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The 2 Biggest Problems with I, Gloria Grahame

The media’s portrayal of children is a hot topic. Netflix was boycotted when it released a movie called Cuties which featured sexualized imagery of children. It started a debate about where is the line between art and acceptable sexualization of minors? For some, there shouldn’t really be a line so long as it’s considered a fictional story. Others say it doesn’t matter if real children aren’t impacted

This argument has been raging on since Lolita was published and likely before it as well. I, Gloria Grahame had me thinking about the argument again. Where is the line? Some would argue that art transcends the need for a line and that putting limits on expression is censorship (I disagree for the record) while others would say that we need to have strict, unimpeachable guidelines for fiction (I disagree with this as well). Like most things, the answer likely lies somewhere in between.

There’s so much potential with the premise of the novel. It just can’t get past its two major problems. The first, is the sexualization of minors and the second? A fight against wokeness that ends up pushing the boundaries of being anti-diversity.

Let’s get one thing straight. I, Gloria Grahame doesn’t feel vindictive like Consensual Hex or even softly vindictive like Shine is. The novel also has better writing than either of those.

The Set-up for I, Gloria Grahame

For context, I, Gloria Grahame is a novel by Sky Gilbert that I happened upon while looking at the new book section at the library. I was thrilled when I found the book. A new queer novel described as “a scandalous, humorous novel about taboo desires and repression”. It’s about a gay professor named Denton Moulton who has a rich fantasy life as Gloria Grahame, the old time cinema starlet who got wrapped up in a scandal.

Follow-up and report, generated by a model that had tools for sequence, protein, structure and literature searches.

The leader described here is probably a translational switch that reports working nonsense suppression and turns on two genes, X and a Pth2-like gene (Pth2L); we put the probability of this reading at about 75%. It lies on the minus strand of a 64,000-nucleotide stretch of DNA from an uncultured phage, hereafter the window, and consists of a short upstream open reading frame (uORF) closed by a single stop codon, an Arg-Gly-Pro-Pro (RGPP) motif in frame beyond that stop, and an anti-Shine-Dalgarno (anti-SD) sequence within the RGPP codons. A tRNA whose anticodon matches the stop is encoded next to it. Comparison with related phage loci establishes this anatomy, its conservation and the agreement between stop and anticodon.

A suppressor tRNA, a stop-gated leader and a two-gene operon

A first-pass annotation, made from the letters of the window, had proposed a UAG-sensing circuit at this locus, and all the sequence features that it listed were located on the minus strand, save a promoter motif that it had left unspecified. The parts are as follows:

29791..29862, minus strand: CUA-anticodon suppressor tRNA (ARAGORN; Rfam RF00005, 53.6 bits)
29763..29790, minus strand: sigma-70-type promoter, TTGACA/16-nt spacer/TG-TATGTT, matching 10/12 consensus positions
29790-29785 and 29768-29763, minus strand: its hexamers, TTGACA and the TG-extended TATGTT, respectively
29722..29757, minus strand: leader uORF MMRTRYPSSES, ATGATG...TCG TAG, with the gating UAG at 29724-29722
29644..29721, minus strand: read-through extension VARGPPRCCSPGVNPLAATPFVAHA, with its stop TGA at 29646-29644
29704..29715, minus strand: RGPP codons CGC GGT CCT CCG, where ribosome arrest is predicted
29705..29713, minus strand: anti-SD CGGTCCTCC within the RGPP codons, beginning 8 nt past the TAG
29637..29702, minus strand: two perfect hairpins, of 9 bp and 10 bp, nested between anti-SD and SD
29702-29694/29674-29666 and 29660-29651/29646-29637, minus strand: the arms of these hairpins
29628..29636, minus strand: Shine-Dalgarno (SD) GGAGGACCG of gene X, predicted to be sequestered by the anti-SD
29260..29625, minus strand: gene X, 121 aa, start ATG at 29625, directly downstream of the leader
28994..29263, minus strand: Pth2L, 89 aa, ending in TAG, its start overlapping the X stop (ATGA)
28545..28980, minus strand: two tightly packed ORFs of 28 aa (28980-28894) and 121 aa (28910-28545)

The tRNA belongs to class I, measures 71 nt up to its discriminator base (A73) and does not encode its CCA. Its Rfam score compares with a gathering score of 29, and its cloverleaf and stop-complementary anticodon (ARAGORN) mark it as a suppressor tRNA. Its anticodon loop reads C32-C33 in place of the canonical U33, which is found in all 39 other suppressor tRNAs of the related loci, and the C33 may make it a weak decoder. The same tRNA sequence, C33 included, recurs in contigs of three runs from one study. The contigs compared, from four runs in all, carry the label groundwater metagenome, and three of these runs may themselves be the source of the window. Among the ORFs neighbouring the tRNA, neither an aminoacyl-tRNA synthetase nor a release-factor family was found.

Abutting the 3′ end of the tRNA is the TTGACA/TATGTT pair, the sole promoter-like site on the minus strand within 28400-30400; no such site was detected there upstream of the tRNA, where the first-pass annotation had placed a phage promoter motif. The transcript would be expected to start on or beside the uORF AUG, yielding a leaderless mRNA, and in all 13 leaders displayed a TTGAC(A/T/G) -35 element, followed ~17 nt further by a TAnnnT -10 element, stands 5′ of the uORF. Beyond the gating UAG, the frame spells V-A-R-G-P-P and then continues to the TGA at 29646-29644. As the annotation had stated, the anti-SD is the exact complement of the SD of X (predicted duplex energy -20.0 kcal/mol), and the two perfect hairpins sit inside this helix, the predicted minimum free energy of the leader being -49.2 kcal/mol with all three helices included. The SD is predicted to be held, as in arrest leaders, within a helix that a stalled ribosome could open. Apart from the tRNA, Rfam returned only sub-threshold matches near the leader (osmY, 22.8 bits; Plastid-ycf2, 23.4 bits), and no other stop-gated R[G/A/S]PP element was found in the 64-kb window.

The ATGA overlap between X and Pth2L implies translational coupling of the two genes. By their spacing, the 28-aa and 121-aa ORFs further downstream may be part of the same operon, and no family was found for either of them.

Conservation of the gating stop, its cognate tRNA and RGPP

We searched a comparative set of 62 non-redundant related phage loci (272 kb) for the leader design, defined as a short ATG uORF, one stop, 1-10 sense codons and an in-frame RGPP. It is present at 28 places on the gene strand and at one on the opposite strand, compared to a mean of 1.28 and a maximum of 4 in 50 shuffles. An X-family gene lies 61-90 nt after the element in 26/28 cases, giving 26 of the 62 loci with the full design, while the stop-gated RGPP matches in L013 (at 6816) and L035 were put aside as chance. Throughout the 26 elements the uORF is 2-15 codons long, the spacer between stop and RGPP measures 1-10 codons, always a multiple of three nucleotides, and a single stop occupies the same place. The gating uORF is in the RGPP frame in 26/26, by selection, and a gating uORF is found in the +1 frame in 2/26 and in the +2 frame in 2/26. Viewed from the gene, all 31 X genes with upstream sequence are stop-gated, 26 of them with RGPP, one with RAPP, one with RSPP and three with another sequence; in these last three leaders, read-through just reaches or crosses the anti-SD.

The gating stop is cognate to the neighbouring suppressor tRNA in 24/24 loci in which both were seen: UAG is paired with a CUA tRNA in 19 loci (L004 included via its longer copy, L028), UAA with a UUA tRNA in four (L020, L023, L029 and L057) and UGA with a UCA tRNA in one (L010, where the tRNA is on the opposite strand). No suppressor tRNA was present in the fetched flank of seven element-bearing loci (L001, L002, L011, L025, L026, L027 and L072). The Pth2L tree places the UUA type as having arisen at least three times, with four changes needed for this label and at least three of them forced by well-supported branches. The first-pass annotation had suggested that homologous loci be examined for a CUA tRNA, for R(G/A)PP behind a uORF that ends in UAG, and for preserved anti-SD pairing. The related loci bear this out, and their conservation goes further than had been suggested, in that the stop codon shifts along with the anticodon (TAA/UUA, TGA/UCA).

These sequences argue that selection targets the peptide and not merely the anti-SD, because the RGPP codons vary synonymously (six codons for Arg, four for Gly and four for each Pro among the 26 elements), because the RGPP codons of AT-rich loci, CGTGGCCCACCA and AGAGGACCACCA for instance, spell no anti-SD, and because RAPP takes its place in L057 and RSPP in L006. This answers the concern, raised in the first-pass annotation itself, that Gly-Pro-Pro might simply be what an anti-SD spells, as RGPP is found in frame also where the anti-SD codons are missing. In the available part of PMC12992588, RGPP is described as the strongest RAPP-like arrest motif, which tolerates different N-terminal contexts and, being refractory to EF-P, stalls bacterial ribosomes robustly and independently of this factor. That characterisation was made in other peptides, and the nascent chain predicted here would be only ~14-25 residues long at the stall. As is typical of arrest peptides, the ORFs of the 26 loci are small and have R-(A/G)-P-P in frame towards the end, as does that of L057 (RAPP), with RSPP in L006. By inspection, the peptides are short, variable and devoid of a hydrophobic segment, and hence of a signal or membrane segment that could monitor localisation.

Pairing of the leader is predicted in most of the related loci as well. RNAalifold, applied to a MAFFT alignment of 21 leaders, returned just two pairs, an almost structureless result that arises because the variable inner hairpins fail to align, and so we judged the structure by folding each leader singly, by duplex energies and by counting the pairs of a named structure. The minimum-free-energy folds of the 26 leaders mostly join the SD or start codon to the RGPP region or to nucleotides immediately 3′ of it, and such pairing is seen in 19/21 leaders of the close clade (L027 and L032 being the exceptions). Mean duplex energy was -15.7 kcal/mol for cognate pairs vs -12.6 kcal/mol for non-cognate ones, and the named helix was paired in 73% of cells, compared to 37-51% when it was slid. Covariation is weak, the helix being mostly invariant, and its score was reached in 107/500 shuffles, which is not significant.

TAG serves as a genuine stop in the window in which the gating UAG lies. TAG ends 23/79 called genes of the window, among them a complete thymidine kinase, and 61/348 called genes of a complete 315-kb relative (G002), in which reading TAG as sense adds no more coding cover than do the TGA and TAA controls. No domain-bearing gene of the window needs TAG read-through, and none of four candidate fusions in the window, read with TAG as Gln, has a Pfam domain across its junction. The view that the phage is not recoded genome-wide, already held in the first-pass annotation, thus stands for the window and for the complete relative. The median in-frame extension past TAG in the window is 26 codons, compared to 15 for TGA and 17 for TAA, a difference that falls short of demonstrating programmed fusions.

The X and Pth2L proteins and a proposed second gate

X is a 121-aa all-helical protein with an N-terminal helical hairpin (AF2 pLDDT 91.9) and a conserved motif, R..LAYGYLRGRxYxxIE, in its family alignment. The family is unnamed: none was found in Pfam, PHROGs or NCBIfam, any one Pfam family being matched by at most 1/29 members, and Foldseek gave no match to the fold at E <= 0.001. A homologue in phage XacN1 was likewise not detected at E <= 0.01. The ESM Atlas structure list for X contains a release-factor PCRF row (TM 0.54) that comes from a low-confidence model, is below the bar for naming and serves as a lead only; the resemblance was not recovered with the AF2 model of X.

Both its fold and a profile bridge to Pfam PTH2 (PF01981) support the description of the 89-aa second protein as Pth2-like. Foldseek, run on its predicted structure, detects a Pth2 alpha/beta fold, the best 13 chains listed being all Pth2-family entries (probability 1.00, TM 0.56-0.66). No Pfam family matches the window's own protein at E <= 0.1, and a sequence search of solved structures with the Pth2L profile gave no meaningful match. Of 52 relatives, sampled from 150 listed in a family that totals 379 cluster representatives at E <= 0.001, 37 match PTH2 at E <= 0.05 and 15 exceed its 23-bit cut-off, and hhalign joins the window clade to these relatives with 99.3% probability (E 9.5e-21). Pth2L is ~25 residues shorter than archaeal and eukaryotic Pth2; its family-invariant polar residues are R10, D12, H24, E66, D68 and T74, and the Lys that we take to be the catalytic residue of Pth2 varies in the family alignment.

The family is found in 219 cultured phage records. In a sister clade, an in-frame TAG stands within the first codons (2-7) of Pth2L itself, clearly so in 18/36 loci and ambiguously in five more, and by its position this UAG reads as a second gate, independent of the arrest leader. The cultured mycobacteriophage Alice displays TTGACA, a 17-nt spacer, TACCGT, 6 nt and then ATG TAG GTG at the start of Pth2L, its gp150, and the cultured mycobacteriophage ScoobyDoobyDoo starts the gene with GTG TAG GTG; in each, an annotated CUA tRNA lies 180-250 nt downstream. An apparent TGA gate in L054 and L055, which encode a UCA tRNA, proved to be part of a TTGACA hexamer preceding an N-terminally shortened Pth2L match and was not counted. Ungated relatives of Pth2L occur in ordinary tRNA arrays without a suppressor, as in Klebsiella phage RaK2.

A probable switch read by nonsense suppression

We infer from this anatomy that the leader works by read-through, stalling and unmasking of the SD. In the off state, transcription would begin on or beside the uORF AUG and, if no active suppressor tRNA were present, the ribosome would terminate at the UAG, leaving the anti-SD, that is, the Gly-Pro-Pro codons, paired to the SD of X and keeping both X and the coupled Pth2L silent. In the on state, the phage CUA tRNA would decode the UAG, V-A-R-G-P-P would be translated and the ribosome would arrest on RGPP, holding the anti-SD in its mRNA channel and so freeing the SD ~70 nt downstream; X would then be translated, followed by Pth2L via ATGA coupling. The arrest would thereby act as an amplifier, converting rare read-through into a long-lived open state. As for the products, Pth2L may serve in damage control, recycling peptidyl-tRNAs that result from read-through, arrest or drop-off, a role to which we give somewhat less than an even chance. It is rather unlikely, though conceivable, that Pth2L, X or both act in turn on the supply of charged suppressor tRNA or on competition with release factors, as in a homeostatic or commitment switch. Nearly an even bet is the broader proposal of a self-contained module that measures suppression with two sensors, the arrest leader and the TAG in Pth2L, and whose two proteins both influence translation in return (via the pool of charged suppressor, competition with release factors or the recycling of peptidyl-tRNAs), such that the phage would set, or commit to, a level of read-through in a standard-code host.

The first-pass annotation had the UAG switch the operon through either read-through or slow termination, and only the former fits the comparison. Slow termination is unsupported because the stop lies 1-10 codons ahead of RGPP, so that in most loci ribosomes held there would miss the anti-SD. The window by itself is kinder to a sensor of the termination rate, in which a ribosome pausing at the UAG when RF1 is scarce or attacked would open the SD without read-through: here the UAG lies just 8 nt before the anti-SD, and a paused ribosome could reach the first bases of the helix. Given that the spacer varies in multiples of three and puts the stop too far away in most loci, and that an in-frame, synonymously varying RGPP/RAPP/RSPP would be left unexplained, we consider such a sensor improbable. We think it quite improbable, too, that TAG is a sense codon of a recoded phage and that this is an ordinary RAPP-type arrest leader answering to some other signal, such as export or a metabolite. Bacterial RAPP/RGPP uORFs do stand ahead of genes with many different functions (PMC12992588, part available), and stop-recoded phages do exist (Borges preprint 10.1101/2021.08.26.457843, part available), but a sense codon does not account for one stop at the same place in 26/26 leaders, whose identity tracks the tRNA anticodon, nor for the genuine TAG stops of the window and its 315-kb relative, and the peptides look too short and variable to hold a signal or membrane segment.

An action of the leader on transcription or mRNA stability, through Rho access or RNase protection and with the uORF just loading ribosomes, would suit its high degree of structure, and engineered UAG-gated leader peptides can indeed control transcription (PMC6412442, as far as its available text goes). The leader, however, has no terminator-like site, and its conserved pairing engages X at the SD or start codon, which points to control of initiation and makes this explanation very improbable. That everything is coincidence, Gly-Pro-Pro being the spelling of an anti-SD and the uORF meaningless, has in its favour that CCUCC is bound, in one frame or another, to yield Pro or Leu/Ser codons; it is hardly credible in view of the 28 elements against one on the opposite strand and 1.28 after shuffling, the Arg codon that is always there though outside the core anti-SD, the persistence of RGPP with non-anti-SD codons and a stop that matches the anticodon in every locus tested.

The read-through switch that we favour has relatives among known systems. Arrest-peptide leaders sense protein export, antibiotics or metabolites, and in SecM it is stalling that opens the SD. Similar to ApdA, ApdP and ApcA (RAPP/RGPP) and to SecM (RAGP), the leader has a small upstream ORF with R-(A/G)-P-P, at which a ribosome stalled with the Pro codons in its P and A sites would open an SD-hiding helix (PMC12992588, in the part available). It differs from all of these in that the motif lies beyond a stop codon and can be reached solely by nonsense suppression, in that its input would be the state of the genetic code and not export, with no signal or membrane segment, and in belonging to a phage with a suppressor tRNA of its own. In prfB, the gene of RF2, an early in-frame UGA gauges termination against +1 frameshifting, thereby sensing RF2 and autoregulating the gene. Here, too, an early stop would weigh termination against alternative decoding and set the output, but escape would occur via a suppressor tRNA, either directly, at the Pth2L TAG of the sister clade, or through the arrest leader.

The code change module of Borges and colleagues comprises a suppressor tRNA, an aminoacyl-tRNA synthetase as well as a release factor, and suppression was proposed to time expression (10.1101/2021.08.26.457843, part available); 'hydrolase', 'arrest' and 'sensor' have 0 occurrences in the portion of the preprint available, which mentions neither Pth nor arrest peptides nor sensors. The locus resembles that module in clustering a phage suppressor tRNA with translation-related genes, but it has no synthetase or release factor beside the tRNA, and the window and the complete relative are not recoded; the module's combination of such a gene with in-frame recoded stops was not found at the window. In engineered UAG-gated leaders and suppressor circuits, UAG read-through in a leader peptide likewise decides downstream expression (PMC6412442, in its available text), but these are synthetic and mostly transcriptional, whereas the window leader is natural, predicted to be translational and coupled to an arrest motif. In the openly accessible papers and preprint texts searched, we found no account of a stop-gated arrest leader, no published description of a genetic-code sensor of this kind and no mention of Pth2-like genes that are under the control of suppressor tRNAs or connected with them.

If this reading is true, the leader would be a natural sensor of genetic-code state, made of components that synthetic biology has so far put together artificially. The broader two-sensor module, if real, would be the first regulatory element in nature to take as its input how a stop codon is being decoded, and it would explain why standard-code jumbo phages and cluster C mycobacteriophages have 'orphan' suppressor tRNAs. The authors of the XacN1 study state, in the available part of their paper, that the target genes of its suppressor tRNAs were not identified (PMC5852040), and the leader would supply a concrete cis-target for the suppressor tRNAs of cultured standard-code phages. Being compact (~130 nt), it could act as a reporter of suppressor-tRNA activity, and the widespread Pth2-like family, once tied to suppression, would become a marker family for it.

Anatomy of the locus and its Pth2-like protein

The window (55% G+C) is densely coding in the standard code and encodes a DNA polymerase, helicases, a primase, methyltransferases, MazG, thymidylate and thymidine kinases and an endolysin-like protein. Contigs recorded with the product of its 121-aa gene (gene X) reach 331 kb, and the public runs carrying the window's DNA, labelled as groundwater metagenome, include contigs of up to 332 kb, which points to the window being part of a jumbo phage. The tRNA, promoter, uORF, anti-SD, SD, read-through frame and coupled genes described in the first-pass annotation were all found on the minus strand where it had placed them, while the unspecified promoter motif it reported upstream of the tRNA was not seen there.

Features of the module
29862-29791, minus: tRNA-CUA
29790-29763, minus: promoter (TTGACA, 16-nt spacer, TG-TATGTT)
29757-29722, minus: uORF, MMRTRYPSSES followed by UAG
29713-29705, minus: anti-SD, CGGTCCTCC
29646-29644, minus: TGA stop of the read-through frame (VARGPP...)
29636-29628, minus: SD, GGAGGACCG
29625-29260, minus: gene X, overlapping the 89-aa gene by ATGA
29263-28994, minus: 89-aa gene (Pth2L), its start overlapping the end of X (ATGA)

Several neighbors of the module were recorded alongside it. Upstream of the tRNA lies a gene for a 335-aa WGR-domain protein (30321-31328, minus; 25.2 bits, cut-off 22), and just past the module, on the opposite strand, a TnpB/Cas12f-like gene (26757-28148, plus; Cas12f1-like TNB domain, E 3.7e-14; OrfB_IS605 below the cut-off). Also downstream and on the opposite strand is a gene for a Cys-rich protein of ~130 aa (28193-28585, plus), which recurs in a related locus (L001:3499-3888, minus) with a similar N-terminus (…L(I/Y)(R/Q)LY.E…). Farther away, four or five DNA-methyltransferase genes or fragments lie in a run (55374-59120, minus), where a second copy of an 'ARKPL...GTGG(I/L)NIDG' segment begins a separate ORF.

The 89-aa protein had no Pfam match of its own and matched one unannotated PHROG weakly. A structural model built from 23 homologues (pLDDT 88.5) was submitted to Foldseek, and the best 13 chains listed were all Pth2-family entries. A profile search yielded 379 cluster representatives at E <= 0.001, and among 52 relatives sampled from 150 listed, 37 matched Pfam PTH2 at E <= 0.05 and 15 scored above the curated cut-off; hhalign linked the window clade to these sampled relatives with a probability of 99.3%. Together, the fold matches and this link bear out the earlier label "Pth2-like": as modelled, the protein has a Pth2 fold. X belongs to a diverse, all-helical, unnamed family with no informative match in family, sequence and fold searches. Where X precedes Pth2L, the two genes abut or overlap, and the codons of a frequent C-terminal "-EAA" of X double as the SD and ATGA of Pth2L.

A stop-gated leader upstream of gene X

I was so excited to start reading it and then the first two pages were about Gloria Grahame beginning to lust after her 13 year old stepson. It’s surrounded by protestations of no, she shouldn’t, she shouldn’t do this, but that doesn’t change the fact that Gloria stays. She lingers and watches her stepson while he’s sleeping naked, letting him replace her husband in her mind.

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Consensual Hex Exploits Sexual Trauma for Profit

Consensual Hex Exploits Sexual Trauma for Profit

We have a massive problem here. Consensual Hex had an issue right from the start with its blurb stating it was “The Craft for the #MeToo era”. Yikes. So much yikes. Those 6 words were enough to turn me off the book, but that’s just skimming the surface of the massive amount of problems this book has. Let’s not be coy and just jump right to the crux of the issue.

A witch is raped by a frat boy at the start of the book. Our main character, Lee, is understandably upset. Her rape leads her to create a coven and fight rapists on campus. At the same time, the power threatens to go to her head. The witch desperately wants to get revenge for her rape.

We’re already off to a terrible start and I haven’t even started on the real life drama surrounding this book. Without further ado, let’s get into it.

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Discussion Post: Does It Count As Diverse if It's Sterotypical?

Discussion: Does A Book Count as Diverse if it’s Stereotypical?

Let me just start this off by saying that it’s good that there are so many more diverse books out there. I used to have to research and scour stores in order to find good Diverse fiction and now it’s easily accessible. It’s mainstream and I’m living for it. That said, there are a lot of books I’ve been reading lately that I’m sure were written with the best intentions, but end up perpetuating stereotypes. These stereotypes can be anything from cringeworthy to harmful, depending on how far they go with them.

I’m thinking about this because of Little & Lion which has a pretty decent goodreads score, but ended up demonizing mental illness and making a love triangle with a bi character. Which yay, bisexual representation, but it feels like it’s always a love triangle. Even worse, in this one it’s the bi character who’s pursuing both people at the same time keeping up with the slutty bi person trope.

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